What Virginians Are Reading: American Rescue Plan Relief Headed To Local Communities across the Commonwealth
WASHINGTON – Over the last 24 hours, here’s just some of what Virginians have been reading about the $7.2 billion in relief funds that are headed to the state and local governments thanks to the American Rescue Plan:
Richmond Times-Dispatch: Virginia cities to get double boost from American Rescue Plan as money starts to flow
Virginia will receive $4.3 billion, or $500 million more than previously expected, under the American Rescue Plan Act, while Richmond and other cities will get a double financial benefit because of their status as independent cities under guidance released by the U.S. Treasury Department on Monday.
Richmond, for example, will receive $110 million as a city and almost $45 million as a county under the act, which President Joe Biden signed into law on March 11 as the first signature legislative achievement of his presidency to jump-start an economy battered by the COVID-19 pandemic.
Many localities lost substantial amounts of revenue from taxes on meals, lodging and admissions during the pandemic and state restrictions imposed on businesses, especially in areas dependent on tourism, such as Williamsburg and the rest of the Historic Triangle.
“They’re slowly coming back as the economy slowly reopens,” said Neal Menkes, a fiscal consultant to the Virginia Municipal League.
Sens. Mark Warner and Tim Kaine, D-Va., drove the needs home in a letter with the state’s seven Democratic congressional representatives to Treasury Secretary Janet Yellen in mid-April that argued for funding as both city and county: “The treatment of independent cities under the Treasury Department guidance for allocating local relief funds will have a profound impact on our constituents,” they wrote.
Virginia cities would have lost almost $500 million in funding if counted only as cities or towns, and almost $800 million if designated only as counties, the Democrats said.
The American Rescue Plan will pump more than $790 million of pandemic relief funds into the Hampton Roads economy through funding to local governments and area colleges and universities.
The plan, enacted earlier this year, is giving $618 million to Hampton Roads cities and counties, Sens. Mark Warner and Tim Kaine announced. The state government will get nearly $4.3 billion — the combined total of funds for the state and its cities and counties comes to $7.2 billion, the senators said.
They said they were pleased the Biden administration listened to their calls to give state and local governments flexibility in using the money. It should help the state and its cities and counties recover from the impact of lost revenue, as well as boosting public health efforts and broadband expansion, the senators said.
Colleges and universities in Hampton Roads will receive more than $162 million in emergency funding under the American Rescue Plan, Reps. Robert C. “Bobby Scott, D-Newport News, and Elaine Luria, D-Norfolk, reported.
The funding will help the schools cope with the financial impact of the pandemic, said Scott, chairman of the House Committee on Education and Labor.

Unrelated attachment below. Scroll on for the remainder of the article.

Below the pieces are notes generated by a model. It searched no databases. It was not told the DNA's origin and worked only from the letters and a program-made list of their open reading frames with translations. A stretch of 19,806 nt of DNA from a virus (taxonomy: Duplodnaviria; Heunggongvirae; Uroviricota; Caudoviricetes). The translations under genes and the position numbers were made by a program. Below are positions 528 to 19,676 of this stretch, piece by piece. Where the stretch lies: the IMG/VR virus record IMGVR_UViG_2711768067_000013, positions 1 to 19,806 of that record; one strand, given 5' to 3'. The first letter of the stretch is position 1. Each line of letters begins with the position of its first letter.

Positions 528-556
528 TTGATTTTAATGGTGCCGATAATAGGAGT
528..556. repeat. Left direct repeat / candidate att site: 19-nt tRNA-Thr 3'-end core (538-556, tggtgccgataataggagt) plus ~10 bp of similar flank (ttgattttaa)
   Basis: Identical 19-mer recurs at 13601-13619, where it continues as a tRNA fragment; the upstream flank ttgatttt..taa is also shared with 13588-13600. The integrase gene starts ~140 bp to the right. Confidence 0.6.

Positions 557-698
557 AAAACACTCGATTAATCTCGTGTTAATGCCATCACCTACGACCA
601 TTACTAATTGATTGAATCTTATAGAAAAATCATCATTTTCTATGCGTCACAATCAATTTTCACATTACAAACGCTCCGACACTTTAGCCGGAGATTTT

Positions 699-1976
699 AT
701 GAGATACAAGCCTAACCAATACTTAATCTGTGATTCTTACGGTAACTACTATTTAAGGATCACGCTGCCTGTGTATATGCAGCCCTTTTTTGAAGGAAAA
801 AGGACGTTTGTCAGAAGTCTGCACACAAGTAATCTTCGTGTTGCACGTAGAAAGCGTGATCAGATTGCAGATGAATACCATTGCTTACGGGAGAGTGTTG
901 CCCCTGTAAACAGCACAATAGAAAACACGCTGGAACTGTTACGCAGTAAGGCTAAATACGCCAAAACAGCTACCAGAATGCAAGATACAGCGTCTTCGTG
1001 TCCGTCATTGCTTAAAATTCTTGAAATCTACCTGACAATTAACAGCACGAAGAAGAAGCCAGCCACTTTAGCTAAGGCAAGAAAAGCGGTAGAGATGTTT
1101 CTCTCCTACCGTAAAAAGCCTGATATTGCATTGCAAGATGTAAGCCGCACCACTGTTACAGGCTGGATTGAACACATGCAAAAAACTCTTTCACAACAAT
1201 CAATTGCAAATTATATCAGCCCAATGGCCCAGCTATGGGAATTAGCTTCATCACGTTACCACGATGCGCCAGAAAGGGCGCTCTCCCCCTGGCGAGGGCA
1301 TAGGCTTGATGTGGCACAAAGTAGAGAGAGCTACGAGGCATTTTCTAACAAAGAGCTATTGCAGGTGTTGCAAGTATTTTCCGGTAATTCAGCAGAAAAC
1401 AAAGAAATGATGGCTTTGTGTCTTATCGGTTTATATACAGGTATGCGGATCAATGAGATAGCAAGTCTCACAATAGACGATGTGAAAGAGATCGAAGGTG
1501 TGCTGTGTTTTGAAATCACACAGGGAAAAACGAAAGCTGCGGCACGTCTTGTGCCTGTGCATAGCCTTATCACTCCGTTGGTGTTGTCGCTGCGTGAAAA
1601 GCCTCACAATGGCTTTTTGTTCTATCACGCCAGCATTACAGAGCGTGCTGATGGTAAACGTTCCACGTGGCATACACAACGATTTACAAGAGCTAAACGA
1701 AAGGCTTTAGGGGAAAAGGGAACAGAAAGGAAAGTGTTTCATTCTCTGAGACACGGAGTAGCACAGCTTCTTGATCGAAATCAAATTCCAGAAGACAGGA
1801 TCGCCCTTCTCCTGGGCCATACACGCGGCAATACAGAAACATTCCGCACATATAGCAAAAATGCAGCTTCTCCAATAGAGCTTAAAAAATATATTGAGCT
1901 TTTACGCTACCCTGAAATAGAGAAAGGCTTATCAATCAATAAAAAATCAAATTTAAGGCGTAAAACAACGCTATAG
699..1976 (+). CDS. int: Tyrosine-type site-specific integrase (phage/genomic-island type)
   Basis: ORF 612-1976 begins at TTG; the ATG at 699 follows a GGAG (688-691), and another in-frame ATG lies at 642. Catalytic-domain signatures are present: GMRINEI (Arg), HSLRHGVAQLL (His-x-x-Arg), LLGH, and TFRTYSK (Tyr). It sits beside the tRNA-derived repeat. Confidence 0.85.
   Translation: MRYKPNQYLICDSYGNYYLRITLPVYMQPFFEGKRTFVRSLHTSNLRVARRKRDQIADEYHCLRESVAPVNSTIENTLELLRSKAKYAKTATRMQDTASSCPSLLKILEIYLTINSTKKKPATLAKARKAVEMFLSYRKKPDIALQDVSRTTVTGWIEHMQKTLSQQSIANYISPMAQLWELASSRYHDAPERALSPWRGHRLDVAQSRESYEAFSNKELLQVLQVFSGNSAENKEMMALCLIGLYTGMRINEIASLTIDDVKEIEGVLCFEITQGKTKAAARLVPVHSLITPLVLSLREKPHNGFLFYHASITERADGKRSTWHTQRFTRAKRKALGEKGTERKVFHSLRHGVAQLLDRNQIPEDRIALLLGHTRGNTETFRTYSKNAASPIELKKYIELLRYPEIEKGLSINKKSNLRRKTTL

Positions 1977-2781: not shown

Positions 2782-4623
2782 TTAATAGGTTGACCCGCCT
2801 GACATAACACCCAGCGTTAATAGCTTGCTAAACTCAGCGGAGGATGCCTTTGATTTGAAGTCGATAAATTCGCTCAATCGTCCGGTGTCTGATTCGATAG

At least half the funding each institution is getting will be distributed as emergency cash assistance grants to students who are facing hunger, homelessness or other hardships, he said.
The Treasury Department released much-awaited figures regarding aid from the American Rescue Plan Act Monday evening. In total Virginia’s set to receive $7.2 billion. $4.3 billion will go to the state, and $2.9 billion directly to localities.
Virginia’s cities organize themselves in a way that’s unlike almost all other states. That created worries that cities would miss out on their share of funds from the America Rescue Plan Act. Senators Mark Warner and Tim Kaine, along with Virginia’s House Democrats, wrote to Treasury Secretary Janet Yellen asking her to give independent cities money for both cities and counties.
County allocations are generally based on population, where as metro city allocations were based on a set of variables from the Housing and Community Development Act of 1974, wrote Rob Bullington of the Virginia Municipal League in an email. Independent cities don't fall into either of these categories.
“I think the Virginia delegation did a great job in making the case that this was the legislative intent of ARPA that these funds be provided as was shown in the first traunch,” said Bob Lazaro, the Executive Director of the Northern Virginia Regional Commission.
The Winchester Star: Warner, Kaine praise Treasury's launch of state, local COVID relief funds
Bristol Herald Courier: Local cities, counties divide $70M in coronavirus relief funds
Culpeper Star-Exponent: Culpeper area counties to receive more than $35 million from American Rescue Plan
The Northern Virginia Daily: Warner, Kaine praise Treasury's launch of state, local COVID relief funds
Chatham Star-Tribune: Over $40 million in COVID relief coming to Pittsylvania County, Danville
The Southwest Times: County to get $6.6M in relief funds
Henrico Citizen: Henrico to receive $64.2M in American Rescue Plan funds
Local leaders across Virginia have praised the passage of the American Rescue Plan, noting that state and local governments have been on the front lines of the COVID-19 response since last year.